The second example is the final publication of the text of the withdrawal agreement in relation to issues such as article 132 and the extension of the implementation period, which was not a policy position or negotiating mandate that I had ever come across through either Cabinet or Cabinet sub-committees.

Chair: So where did it come from?

Suella Braverman: That is a great question. I don’t know where it came from; it appeared suddenly. The first I heard of it was at the October European Council, when the Prime Minister mooted the possibility of an option to extend the transition as an alternative to the backstop. Her words were very deliberately chosen: it was just an option, not a firm policy position. That is how I understood it. I never saw any written documents reinforcing an agreed Cabinet position that the IP could be extended. The first I saw of it was article 132 in the final draft.

Chair: Of course there are huge implications, when you consider the question of indefinite extension and add to that the question of repealing the 1972 Act. Just to run this off: as we speak, this document is not signed and not initialled, and it is therefore no more than a piece of paper, although it depends on what happens when the vote is taken in the House of Commons.

Suella Braverman: Yes. The other issue is the political declaration. A version of it had been worked on, primarily by Dominic Raab, in the run-up to the November Council. The final version bore no resemblance to the piece of work that he had led.

Dr Whitford: Were you conscious at the time that there appeared to be two tracks running, or was it all a surprise when something else came out?

Suella Braverman: One those occasions, it was always a surprise.

Dr Whitford: Do you think that if there had been a previously agreed balance of responsibilities—in one of the Prime Minister’s very early speeches, she talked about consulting the EU and agreeing what she wanted from it before going there—it might have been easier to have achieved an outcome that was more widely supported, compared with having it change and evolve as a moving feast?

Suella Braverman: Yes. With hindsight, it is easy to say that. I was only there for almost a year—not even a year. I am reading David Davis’ evidence, in which he acknowledges that there was tension and that it could have been dealt with better or avoided by having a single author, but the Prime Minister was always the lead negotiator—even more so after July 2018. I think that was an attempt to clarify roles.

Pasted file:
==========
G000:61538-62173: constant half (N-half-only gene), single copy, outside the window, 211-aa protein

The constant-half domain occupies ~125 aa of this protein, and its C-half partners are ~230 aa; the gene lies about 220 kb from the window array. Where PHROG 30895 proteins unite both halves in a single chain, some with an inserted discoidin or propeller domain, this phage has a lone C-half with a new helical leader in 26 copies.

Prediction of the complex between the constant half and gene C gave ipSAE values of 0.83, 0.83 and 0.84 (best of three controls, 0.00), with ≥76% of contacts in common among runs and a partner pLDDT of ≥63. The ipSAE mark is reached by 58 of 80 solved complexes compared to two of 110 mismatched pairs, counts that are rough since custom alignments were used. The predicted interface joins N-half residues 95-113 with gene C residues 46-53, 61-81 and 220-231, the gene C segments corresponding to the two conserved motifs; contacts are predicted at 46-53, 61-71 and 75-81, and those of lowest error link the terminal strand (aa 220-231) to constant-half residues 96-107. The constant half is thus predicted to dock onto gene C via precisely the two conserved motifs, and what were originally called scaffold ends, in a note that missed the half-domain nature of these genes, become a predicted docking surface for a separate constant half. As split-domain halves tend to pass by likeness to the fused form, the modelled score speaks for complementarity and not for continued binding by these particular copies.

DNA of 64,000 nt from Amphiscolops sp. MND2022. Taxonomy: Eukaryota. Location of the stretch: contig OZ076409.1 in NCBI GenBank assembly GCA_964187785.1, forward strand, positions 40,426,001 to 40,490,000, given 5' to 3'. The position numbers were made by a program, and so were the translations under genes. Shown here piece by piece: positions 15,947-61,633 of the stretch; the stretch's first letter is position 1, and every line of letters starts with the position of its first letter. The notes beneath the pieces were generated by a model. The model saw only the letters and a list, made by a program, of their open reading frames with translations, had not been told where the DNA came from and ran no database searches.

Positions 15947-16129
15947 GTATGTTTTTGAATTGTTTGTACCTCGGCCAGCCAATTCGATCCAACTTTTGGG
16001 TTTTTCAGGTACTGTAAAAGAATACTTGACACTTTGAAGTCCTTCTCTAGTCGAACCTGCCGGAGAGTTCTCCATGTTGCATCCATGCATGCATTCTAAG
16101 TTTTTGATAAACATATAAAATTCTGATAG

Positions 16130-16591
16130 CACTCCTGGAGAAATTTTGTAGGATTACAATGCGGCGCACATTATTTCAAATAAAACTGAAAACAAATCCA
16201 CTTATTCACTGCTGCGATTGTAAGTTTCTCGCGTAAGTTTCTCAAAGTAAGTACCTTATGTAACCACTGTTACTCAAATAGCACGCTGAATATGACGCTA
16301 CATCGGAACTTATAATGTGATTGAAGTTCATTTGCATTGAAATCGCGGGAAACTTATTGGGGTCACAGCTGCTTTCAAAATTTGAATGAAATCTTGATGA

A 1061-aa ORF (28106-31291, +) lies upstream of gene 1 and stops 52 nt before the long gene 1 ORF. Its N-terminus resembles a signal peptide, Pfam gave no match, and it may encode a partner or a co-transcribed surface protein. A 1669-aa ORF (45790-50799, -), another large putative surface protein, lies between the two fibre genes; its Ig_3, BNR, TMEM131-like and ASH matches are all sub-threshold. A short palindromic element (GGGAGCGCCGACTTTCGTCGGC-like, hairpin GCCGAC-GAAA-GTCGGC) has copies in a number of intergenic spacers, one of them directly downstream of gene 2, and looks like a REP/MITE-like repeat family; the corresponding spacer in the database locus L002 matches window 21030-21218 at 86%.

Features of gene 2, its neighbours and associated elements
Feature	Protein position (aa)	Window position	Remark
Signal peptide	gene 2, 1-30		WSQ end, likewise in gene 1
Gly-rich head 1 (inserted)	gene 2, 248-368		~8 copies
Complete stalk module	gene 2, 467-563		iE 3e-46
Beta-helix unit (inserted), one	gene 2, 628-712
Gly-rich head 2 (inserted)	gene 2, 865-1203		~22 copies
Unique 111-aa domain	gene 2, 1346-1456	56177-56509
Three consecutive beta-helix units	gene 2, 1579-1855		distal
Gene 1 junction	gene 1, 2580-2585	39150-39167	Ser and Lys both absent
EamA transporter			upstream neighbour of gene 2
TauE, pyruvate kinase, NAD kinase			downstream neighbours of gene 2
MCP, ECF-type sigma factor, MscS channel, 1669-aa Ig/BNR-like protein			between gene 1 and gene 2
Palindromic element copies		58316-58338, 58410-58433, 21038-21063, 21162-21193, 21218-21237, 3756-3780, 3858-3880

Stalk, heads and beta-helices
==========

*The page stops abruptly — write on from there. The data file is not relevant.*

Dr Whitford: Looking from the outside, things always seem to be moving on the hoof—from the Lancaster House speech to the withdrawal agreement. What is it that the UK wants? Looking at think-tanks and media in Europe, what the UK wants seemed to be a revolving question. It seemed that the UK, whoever was negotiating, did not have the answer. Do you think that it would have made a difference to have first the debates about what the UK wanted from Brexit, then try to negotiate it?

Suella Braverman: I believed it was pretty clear what the UK wanted from Brexit in 2016. I did not think that there were any big questions. I think there have been very strong views on both sides of the debate, but the policy has been pretty clear and not complicated to understand.

Dr Whitford: But obviously there are trade-offs. If you want to leave the customs union and the single market, you gain something and lose something. That debate—asking whether it is worth this price to get that—does not seem to have been worked out in advance. Impact assessments and exactly what type of Brexit the UK is going for, how far away to go and the trade-offs of going further way and therefore having a degree of barriers—none of that was worked out in advance. It all seemed to move backwards and forwards during that time.

Suella Braverman: I generally feel it has all been complicated a lot more than it had to be. I think there was a very simple agenda to deliver and I do not think it was beyond our grasp. Donald Tusk made an offer of a perfectly viable free trade agreement in March; we should have agreed to that. We would not be in this situation now.